I will clif note it
Mind you some of it does not apply here but is good info for those choosing lights.
I will make this plain but not dumb it down, it is very generic:
First lets do some A&P
eye photoreceptor are made of rods and cones. rods are multicolor sensitive (contrary to old belief they only saw black and white) and are more sensitive to blue end of spectrum. cones are very selective and they are tuned to red/green/blue. The rods also control pupil restriction, this comes into play with color perception and also a high lumen light.
Low lumen causes a bigger pupil, high closes it up, we know this. What most don’t know is a big open pupil causes all sorts of stray non focused light in the eye to fall on the retina causing things to be not sharp, closed pupil (just like a smaller camera aperture) get rid of these aberrant rays and things are sharper (depth of field increased as well)
So you crank up the light and things get sharper? right? well maybe ..if you crank up the red end of the spectrum and the rods don't close the pupil as much (they are more blue sensitive) so now you get a LOT of out of focus light. So you crank up the blue end...well now you shift the color out of the happy area of the cones and colors all look like crap.
there is this "happy area" that is very subjective where YOU the viewer (because you are the one using the light) see things clear, in what you feel as a correct color in THAT light and also not so "blue" that it causes eye strain (more on this later).
In regards to color temp of lights and one temp being "better" or "worse" our eyes are HIGHLY adaptive and are not limited to detail or comfort in a range as narrow as +/- 1000k. Where as one person may have a better detail at 5000k another may see it as too "warm" (even though that temp is not) and feel comfortable at 6000+k. Myself being one of them.
You will see perfectly clear in the same lumen between 4-6000k easily. You will even perceive each light source as white until you toss another light source in there. (like a CF bulb in a room full of regular light bulbs) Because that is what your mind/eyes do, you will “auto-correct” to what should be perceived as “white” until another source is added in the mix. For example my headlights by themselves look “white” until I turn on my LEDs, the same with my LED’s being “white” till I turn on my headlights. What happens is the overlap becomes “white” while the headlight alone warmer and the LED edge bluer.
This is also VERY subjective, because you the observer may see my headlights as “white” and my LED as blue depending on what light source your eyes are using as a reference.
With an increase or decrease in lumen (even from the same source in it spill) will make a perceived shift in "color" as the eye accommodates. So with a high power LED a color of even 5000k can still appear "blue" to the bystander while being "white" to the user, then shifting to “white” to the bystander if being directly hit with the beam (contracting pupil = less blue) and not seeing it by the lower lumen spill (open pupil = more blue).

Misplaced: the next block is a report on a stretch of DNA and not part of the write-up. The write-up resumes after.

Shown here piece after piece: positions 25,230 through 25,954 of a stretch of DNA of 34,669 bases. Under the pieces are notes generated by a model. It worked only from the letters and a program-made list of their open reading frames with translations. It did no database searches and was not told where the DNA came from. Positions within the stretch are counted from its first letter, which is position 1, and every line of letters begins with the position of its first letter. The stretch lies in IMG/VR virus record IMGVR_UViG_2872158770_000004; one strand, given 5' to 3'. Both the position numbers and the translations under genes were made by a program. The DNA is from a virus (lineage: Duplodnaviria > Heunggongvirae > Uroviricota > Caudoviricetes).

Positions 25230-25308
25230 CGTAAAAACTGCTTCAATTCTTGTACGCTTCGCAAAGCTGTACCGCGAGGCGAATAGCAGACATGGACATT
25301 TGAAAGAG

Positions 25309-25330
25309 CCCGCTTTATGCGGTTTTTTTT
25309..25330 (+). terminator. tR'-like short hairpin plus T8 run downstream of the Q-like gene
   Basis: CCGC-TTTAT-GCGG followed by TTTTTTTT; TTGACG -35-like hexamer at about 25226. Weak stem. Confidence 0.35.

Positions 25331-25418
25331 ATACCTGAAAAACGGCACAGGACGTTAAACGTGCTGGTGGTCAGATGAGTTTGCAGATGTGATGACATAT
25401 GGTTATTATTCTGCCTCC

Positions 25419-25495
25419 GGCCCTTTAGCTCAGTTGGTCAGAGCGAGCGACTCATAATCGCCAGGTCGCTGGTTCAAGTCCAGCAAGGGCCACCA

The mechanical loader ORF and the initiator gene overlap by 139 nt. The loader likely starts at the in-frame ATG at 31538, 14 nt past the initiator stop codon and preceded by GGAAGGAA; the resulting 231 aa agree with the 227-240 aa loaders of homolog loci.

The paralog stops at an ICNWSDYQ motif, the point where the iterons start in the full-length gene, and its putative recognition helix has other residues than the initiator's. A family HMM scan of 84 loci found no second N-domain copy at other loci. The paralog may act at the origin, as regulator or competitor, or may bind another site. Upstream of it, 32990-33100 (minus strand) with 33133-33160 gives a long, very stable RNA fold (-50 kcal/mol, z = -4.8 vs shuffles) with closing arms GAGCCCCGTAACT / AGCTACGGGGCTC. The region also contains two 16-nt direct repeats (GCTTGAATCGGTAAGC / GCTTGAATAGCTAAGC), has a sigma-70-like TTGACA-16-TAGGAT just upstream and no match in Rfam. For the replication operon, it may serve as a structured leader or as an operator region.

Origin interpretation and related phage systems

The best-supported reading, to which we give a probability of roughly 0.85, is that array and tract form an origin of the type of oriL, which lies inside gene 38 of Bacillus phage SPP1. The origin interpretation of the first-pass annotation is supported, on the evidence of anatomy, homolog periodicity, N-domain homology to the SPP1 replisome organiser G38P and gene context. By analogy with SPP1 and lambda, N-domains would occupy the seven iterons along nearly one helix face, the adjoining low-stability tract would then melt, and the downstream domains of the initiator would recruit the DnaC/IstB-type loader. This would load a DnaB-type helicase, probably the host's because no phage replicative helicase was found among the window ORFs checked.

Kinda fucking neat huh?
Want another nifty example? Go look at the color green of a stop light during the day, note it and then observe it at night. You will see a color shift there that is a combination of rod/cone usage and also your headlights or streetlights being your reference white.
There are a lot of studies done on lighting but a problem with most of the studies out there is they are based on "room lighting", a medium lumen and uniform light. Good thing that also gives insight as to why a 5000k light works better than a 4000k light. You know you can actually lower the lumen of a room while running a slightly "bluer" light and it would give the occupants the same visual acuity and apparent "feel" of the same brightness, mind you while not being as bright/requiring as much output. But there is a point of diminishing returns as you approach what will cause eye strain and pupil constriction.
Another common thing: People also ask why amber lights seem to cut through dust more than whiter lights.
and a little maybe science...
Blue/violet are difficult for us to process correctly. They are the shortest visible wavelengths and tend to focus off in our eyes. Blue also is a very difficult color of light to look directly at, it causes the reaction we call glare. Go look at a blue neon sign and you can tell.
"blue" headlights produce more perceived glare than "yellow". So by killing the blue out of the spectrum makes it easier to see and reduces glare. It has little to nothing to do with scattering of light due to fog as the spacing is all wrong.
So most likely personal preference. But here is some light reading: http://www.lightingresearch.org/prog...01-01-0320.pdf
I happen to like amber/yellow as a fog because it produces a more contrasty image and harder shadows. This allows me to better define the road edge and large hazards. And it is less glare.....to me anyway...because all this shit is subjective
This is also why we as photographers use a solid reference of what is “white” when doing image processing….and even that is an endless battle of what is the customer using for settings, my settings, my screen settings, screen age, is thuis being printed, if so by who, do I want a dramatic effect……….you get the idea